the only 366 out there is a celeron and wont fit anyway unless you get a converter card from fcpga to slot1, intel never made a pentium 2 366

though a 333 does exist and can be found for about $10


also after a bit of looking, i found that they both will run on 2.0v so you should have no prob there



waffle - absolutely no instability whatsover using the 350 MHz chip - incorrect info

kronos - also incorrect. see what I post below for tmj

tmj - jackpot - I did some more testing and here's what I found:

at cpuid.com there's a utility called CPU-Z that gave me the following output

300MHz processor (came in unit)

SW     CPQ     CORE   MULT  SPEC  FSB  BUS    

FFFF   -          120     5.5      366    21.8
FFFN   -          133     5.5      366    24.3
FFNF  210       210     3.5      233    60
FFNN  233       233     3.5      233    66.6
FNFF   -          120     5         333    24
FNFN  333       133     5         333    26.6
FNNF  180       180     3         200    60
FNNN  200       199.8  3         200    66.6
NFFF  270       270     4.5      300    60
NFFN  300       299.7  4.5      300    66.6
NFNF  150       150     5.5      366    27.3
NFNN  166       166.5  5.5      366    30.3
NNFF  240       240     4         266    60
NNFN  266       266.4  4         266    66.6
NNNF   -          120.6  5         333    24
NNNN   -          133     5        333    26.6

333 MHz
                       300    5        333    60
                       333    5        333    66.6
350 MHz
                       210    3.5      233    60
                       233    3.5      233    66.6  

What I gather from all of this is that the 333 and 350 processors are what they call 'locked' and are meant to use a 100 MHz FSB, and therefore don't respond to the switch settings, whereas the 300 MHz is 'unlocked' and can be made to do any number of interesting things. It seems that I have stumbled into that dark corner labeled 'overclocking', haven't I ? The only remaining question is which of the four settings which call the processor a 366 is least damaging, the low core speed of 120 with Mult of 5.5 and FSB of 21.8, or the high core speed of 166.5 with Mult of 5.5 and FSB of 30.3 ?

if you will look to my later post, i remarked that after further research i was mistaken.

as far as overclocking goes you want to go for the fastest fsb you can.
a system running at 100mhz is much faster than a sys at 66mhz

so while you are messing with the multipliers to change the "speed" of the proc, you are actually slowing the system down.


Processor Speed Selection
The Pentium II-based system board includes a six-position DIP switch (SW1), of which four
positions are used to select the bus-to-core frequency of the Pentium II. Table 3-2 shows the
possible switch configurations for this system and the resultant core (or processing) frequency.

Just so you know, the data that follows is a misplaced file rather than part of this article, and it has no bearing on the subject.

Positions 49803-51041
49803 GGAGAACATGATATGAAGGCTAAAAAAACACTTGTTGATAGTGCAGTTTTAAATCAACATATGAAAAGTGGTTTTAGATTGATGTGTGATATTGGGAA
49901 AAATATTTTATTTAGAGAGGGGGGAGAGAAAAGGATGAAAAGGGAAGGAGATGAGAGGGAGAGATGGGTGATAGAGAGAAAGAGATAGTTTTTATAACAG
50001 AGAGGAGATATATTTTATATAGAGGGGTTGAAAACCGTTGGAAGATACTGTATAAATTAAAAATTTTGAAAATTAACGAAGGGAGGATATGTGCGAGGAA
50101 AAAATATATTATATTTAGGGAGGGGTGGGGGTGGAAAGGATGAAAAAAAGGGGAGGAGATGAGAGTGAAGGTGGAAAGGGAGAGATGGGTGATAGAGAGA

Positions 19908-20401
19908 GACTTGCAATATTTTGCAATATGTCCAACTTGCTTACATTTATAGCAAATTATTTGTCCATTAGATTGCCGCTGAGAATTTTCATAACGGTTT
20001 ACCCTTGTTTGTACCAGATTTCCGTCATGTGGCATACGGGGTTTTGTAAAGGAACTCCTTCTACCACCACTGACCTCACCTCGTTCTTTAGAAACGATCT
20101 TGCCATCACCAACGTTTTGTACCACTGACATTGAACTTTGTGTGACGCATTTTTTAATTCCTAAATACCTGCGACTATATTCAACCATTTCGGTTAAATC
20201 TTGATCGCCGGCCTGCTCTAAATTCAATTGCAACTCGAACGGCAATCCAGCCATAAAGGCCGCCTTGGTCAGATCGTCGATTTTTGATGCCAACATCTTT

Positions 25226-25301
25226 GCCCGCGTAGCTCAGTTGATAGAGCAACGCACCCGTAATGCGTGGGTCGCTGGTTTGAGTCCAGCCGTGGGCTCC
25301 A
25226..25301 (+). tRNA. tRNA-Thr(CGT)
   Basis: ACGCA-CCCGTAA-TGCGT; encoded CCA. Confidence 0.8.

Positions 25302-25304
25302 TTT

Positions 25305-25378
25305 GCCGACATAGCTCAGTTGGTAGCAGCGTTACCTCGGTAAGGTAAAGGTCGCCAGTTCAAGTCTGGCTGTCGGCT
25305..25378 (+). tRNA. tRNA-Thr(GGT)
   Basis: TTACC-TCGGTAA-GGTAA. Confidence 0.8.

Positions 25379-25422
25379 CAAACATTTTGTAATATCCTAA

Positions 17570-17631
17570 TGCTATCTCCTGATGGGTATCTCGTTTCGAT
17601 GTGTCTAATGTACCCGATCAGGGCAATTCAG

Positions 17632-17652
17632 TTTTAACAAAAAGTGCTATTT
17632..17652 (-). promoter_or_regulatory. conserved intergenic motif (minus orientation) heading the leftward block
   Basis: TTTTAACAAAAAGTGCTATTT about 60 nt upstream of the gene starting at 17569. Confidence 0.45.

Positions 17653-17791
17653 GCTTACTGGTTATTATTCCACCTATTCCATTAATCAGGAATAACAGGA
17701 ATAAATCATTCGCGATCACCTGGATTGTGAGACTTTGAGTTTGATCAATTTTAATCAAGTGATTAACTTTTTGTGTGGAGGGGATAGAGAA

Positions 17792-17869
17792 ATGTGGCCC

Table 3–2. Pentium II Microprocessor Bus/Core Speed Switch Settings
Table 3-2.
Pentium II Microprocessor
Bus/Core Speed Switch Settings
DIP SW1 Settings
2 3 4 5 [1]
Host Bus
Speed (MHz) Core Speed (MHz)
0 1 0 0 66 166
1 0 0 1 60 180
1 0 0 0 66 200
1 1 0 1 60 210
1 1 0 0 66 233
0 0 1 1 60 240
0 0 1 0 66 266
0 1 1 1 60 270
0 1 1 0 66 300
1 0 1 1 60 300
1 0 1 0 66 333
1 1 1 1 60 330
1 1 1 0 66 366
Shipping configurations are unshaded.
[1] 0 = Switch Closed (On), 1 = Switch Open (Off)
The status of SW1(2-4, 5) is readable through general-purpose I/O (GPIO) port 78h bits <3..0>,
allowing BIOS and/or diagnostic software to check an installed microprocessor with the switch
configuration. Table 3-3 shows the switch position-to-GPIO-to-I/O port 78h input wiring.
This is the cpu support table from Compaq Support and it is in agreement with previous assertions and CPUZ.
note: multiplier X FSB = mHz
Furthermore, it is not the FSB that is locked but the multiplier. With the multiplier on the 350 cpu locked at 3.5, on this mainboard with only a FSB of 60 or 66 mHz available,
3.5 X 60 = 210 or 3.5 X 66 = 233...
nuff said...T

Kronostm...366 cpu is supported and 5.5 multiplier is available according to Compaq...see above...T

PII 333(66) avilable at:
cheap, but I cannot find a 366(66) available anywhere...T
all i was saying above is that if you head to www.intel.com they say that they never made a 366

i can see what you are saying though, if the board in fact supports a 366 it should have a 5.5 multiplier!


For a definitive article on the Pentium II please read:
This article will explain EXACTLY what to do with your processor...hope the link works...T

Sorry, the link comes up short of the article...use the "can't find" search by typing "unlock" for a good link to the article. T
Adrian DobrotaNetworking Engineer


there is no 366MHz CPU for Compaq Deskpro 4000 6300MMX.  Let's see if the finalisation of this Q will contradict me :-)

... listening .....

Switches 2,3,4 set the FSB(for a multiplier of 5.5 the setting is 1,1,1: the final switch 5 sets the FSB, 1 for 66mHz) Too bad the 366 cpu only exists on paper. T